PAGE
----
So it makes sense that this subgroup of undecided voters responded best to ads with uplifting messages, like Rebuilding America Now’s pro-Trump salute to the US economy and Women Vote’s “Love and Kindness” spot in support of Clinton.

“They’re the people that are going to swing the election,” said Daboll. “They care much more about a positive message, an intelligent one, one that’s got policy choices and implications in there.”

There’s a huge share of “pissed off” voters in this election

Ace Metrix’s so-called swayable voters were not to be confused with another breed of Americans—who comprised 17% of overall voters surveyed—who say they refuse to vote for either party candidate. Some voters in this group, who Ace Metrix called “rejectors,” were so disillusioned with this election cycle that it was unclear whether they’d cast ballots for anyone. And those who do make it to the polls will likely vote for either Green Party candidate Jill Stein or Libertarian Gary Johnson, the research shows.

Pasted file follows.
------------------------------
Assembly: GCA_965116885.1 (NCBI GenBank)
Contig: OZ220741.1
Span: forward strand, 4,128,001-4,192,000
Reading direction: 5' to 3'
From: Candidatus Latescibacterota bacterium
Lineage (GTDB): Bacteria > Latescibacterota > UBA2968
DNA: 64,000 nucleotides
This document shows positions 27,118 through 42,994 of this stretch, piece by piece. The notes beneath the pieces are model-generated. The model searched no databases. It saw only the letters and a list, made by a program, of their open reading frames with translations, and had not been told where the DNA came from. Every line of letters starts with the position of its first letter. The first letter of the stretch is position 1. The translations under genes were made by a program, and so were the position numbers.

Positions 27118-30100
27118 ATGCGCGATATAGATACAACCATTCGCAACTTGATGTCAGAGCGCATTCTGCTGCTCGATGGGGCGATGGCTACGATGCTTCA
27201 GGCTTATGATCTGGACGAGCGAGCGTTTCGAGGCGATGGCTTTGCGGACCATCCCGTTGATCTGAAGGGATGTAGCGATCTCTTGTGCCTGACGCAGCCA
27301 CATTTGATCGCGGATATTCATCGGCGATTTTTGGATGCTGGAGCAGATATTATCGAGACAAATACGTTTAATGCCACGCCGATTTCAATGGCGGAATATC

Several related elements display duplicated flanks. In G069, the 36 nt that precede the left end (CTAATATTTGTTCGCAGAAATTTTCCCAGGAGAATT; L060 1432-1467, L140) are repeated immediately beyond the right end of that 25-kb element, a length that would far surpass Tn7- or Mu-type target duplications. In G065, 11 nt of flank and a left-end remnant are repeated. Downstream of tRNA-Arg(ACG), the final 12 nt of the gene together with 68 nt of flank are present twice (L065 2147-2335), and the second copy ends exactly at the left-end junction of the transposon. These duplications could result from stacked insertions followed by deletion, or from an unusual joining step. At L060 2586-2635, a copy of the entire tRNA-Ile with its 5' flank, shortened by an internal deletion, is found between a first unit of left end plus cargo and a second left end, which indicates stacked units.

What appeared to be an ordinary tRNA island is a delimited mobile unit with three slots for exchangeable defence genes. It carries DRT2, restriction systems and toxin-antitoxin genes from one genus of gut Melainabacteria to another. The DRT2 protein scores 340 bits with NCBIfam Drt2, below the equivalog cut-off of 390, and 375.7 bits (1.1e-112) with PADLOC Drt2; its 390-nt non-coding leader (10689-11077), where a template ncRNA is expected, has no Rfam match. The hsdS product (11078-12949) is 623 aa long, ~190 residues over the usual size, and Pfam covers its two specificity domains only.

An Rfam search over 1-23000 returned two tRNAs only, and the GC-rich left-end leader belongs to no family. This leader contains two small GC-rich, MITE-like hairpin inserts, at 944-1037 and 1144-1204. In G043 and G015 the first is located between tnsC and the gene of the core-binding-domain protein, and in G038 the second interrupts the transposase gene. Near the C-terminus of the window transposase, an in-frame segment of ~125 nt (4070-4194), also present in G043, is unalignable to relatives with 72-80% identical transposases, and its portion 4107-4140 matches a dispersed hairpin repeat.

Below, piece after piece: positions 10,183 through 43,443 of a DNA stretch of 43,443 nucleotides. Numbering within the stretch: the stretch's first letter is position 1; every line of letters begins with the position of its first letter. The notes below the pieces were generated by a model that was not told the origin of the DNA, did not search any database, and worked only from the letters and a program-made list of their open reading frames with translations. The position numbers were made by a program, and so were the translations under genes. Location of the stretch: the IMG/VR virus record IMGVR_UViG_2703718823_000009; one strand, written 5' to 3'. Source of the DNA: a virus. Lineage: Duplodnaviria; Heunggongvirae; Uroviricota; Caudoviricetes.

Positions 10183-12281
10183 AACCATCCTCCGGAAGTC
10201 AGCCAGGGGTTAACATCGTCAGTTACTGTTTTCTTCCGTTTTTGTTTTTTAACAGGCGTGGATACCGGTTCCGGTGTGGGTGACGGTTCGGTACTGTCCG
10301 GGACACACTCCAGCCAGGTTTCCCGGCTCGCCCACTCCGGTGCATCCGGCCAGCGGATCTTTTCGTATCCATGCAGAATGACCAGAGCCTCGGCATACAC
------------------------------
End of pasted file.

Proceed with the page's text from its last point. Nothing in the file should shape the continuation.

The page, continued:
“That’s a shockingly big number of pissed off people,” said Ace Metrix’s Daboll.

This group was mostly made up of independent voters, but also included Republicans and Democrats.

Scandal and outrage are not top of mind

Controversies such as Clinton’s email scandal and Trump’s anti-immigrant comments weren’t deal-breakers for most swayable voters, Ace Metrix’s study found. These undecided voters were able to write off some of the unsavory elements of the race, the study showed, because they were more passionate about less volatile issues, such as the economy, than emotionally charged subjects like immigration.

“You could listen to both candidates on their economic platform,” said Daboll. “It’s not as polarizing as things like immigration.”